The state of New York is demanding that visitors from states with a positive testing rate of 10% or higher over a seven-day rolling period or had a positive test rate of 10 or more per 100,000 residents must quarantine for 14 days. That list currently includes 38 U.S. states and jurisdictions (the same as for New Jersey).
Ohio is restricting travel from states with a positive testing rate of 15% where arrivals must self-quarantine for 14 days, currently listed as Idaho, Iowa, Kansas, Missouri, South Dakota, Wisconsin and Wyoming.
Vermont arrivals by bus or plane must quarantine for 14 days or 7 days following a negative Covid-19 test. Rules are a little more lenient for travelers arriving by private car–if they arrive from a county in New England, Mid-Atlantic states, Ohio and West Virginia that has less than 400 cases per 100,000 people (the map is updated every Tuesday), quarantine is not necessary.
Anyone arriving into Washington D.C. from a high-risk state must quarantine for 14 days (with the exception of arrivals from Virginia and Maryland). There are currently 31 states on the high-risk list, last updated 5 October.
All out-of-state arrivals into Wisconsin are asked to stay at home as much as possible for 14 days. Within the state, people are asked to not travel to other rental or private homes.
The safest option is still to take your own food or order takeout from curbside collection or drive-through restaurants. Avoid large social gatherings and crowded places, such as airports, bus and train stations. If necessary, early morning travel is better because it is more likely that public buildings and transport will have been disinfected throughout the night.
Jules Cuthbert is getting used to cancelling holidays. The 41-year old mother of two from Bristol abandoned plans for an October half term trip to Merthyr Tydfil when the south Wales town went into lockdown on 22 September. It was the fifth UK holiday she has had to postpone since the start of the pandemic and it may not be the last. As coronavirus cases continue to rise, Cuthbert is unsure whether to go ahead with her half-term plan B – a few days in the South Downs. “I’m now rethinking whether we should travel at all because we live in a highly populous area with a large student population. I’m a hospital pharmacist so I am very mindful of the potential risks of moving from an area with a high number of cases to one with less.”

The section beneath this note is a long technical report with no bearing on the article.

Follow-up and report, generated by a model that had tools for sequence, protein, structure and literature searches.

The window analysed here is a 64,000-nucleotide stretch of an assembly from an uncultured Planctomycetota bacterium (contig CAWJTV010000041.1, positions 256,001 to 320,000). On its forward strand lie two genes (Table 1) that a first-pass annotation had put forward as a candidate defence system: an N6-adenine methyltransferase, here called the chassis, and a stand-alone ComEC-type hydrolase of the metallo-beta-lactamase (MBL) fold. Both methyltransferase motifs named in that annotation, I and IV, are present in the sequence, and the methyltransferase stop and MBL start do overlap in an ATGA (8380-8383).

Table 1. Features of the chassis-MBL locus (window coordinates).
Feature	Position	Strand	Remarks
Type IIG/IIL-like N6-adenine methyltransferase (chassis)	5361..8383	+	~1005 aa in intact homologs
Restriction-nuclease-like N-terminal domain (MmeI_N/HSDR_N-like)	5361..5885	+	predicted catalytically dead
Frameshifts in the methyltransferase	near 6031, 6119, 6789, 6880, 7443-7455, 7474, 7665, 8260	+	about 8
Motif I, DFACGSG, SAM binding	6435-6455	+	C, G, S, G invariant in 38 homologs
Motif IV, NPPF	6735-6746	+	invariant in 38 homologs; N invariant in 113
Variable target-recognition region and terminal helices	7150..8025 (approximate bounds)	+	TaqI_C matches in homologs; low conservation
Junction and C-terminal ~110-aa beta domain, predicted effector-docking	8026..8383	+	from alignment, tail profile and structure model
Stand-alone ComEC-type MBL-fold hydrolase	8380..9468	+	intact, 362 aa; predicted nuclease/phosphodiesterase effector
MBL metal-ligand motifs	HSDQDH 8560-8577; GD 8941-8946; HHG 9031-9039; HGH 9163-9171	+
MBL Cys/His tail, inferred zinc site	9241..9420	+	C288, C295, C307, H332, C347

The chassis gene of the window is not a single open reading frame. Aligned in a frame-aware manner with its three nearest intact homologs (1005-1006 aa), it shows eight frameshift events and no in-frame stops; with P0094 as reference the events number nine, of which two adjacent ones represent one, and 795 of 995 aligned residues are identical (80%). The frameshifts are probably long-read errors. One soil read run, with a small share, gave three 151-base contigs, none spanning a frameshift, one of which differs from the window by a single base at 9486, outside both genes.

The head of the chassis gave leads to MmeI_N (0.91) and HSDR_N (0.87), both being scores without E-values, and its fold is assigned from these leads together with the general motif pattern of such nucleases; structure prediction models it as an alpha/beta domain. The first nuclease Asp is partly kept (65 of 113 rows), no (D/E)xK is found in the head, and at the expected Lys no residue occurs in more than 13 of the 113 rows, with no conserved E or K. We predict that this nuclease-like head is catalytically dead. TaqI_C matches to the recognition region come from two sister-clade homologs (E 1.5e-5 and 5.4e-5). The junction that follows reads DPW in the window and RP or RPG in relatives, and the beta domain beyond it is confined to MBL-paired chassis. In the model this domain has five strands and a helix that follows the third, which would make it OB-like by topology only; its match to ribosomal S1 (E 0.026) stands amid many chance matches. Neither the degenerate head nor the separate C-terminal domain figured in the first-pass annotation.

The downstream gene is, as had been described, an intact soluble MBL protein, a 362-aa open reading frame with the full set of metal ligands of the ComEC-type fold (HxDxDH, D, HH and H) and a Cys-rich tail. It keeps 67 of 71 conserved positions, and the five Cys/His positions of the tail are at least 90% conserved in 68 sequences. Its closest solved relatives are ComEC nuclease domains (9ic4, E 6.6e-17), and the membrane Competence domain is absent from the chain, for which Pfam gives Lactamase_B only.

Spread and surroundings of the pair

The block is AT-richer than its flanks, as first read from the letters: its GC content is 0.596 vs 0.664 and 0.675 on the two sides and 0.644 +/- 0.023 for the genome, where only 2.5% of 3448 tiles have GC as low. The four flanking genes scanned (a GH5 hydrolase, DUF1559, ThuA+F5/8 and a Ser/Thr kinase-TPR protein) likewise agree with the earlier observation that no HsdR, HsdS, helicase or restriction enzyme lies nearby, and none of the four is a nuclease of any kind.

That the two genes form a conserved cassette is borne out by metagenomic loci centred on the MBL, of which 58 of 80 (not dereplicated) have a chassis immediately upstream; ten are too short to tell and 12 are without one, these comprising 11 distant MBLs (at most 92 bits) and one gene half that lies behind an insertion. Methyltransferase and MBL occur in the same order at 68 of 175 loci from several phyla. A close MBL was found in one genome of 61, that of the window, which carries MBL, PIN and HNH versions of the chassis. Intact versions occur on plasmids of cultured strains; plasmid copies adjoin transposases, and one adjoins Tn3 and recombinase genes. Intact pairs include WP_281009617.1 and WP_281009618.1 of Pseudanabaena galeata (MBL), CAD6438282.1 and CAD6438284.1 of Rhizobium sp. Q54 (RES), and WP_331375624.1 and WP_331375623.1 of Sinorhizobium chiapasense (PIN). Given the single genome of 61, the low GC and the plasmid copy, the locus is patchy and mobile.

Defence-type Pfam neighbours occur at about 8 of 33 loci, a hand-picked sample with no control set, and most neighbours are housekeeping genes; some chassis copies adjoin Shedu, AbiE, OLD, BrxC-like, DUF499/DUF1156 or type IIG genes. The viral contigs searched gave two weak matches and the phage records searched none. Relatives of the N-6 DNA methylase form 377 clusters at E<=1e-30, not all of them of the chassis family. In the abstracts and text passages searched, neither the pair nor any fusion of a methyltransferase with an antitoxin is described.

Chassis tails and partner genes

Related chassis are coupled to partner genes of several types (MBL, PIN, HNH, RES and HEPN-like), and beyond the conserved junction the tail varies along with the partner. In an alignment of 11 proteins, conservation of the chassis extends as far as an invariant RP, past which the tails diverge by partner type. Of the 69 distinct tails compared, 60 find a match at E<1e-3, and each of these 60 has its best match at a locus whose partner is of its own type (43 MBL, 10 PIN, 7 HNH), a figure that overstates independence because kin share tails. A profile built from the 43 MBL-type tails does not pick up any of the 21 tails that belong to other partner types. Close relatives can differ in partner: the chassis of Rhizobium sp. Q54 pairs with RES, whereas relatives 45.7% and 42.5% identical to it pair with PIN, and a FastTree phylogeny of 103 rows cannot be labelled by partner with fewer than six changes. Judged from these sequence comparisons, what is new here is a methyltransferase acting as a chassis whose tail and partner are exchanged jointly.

Cuthbert’s experience is far from unusual. While many British holidaymakers managed to escape to the countryside during July and August, recent measures to contain the spread of the virus have thrown autumn and winter holidays plans into disarray and dashed any hopes that the half term holiday might help tourism businesses recoup some of the losses suffered during the first lockdown.
Local lockdowns, the rule of six and the 10pm curfew for restaurants and bars had already led to thousands of holiday cancellations and severely dented travellers’ confidence. Consumer research conduced by VisitBritain between 28 September and 2 October showed that just 10% of people were planning an overnight trip this month, with the majority (51%) blaming government travel restrictions for not feeling confident enough to travel, and 48% citing concerns about catching Covid. With more of the country now under high alert (tier 2) or very high alert (tier 3) tourism bosses say the situation can only worsen.
“It’s death by a thousands cuts,” said Rob Paterson, chief executive of Best Western, a group of 300 independently-owned hotels across the UK. “The most recent data shows that bookings for its hotels in northern England and Scotland are down by almost 70% compared with the same time last year. In London there has been a 65% year on year fall. The only part of the UK where bookings were strong was the south west where there have been no local lockdowns, but now hotels in the region are also seeing a year-on-year slump in business. Losing half-term bookings on top of a dire outlook for Christmas will be the last straw for some of the group’s hotels, said Paterson. “As soon as the new tier system was announced we saw a new booking behaviour. We are going to see more cancellations. Many hotel owners will now close until in March.”
Fran Downtown, chief executive of Tourism Southeast said the ever-changing restrictions are a massive blow for accommodation providers, attractions and hospitality businesses.
“Nervousness has ramped up notably – we’ve seen a significant downturn in footfall across the region in the last two weeks,” she said.
Attractions remain open but falling visitor numbers, on top of already reduced capacity, has led many to scale back plans for events usually laid on over half term. In a recent poll by Welcome to Yorkshire, the region’s tourist board, a third of tourism businesses said they were cancelling activities for half term. “Business owners need certainty in order to invest [in events and activities]. If we continue with this stop-start in perpetuity, some businesses will just decide to fold,” said chief executive James Mason.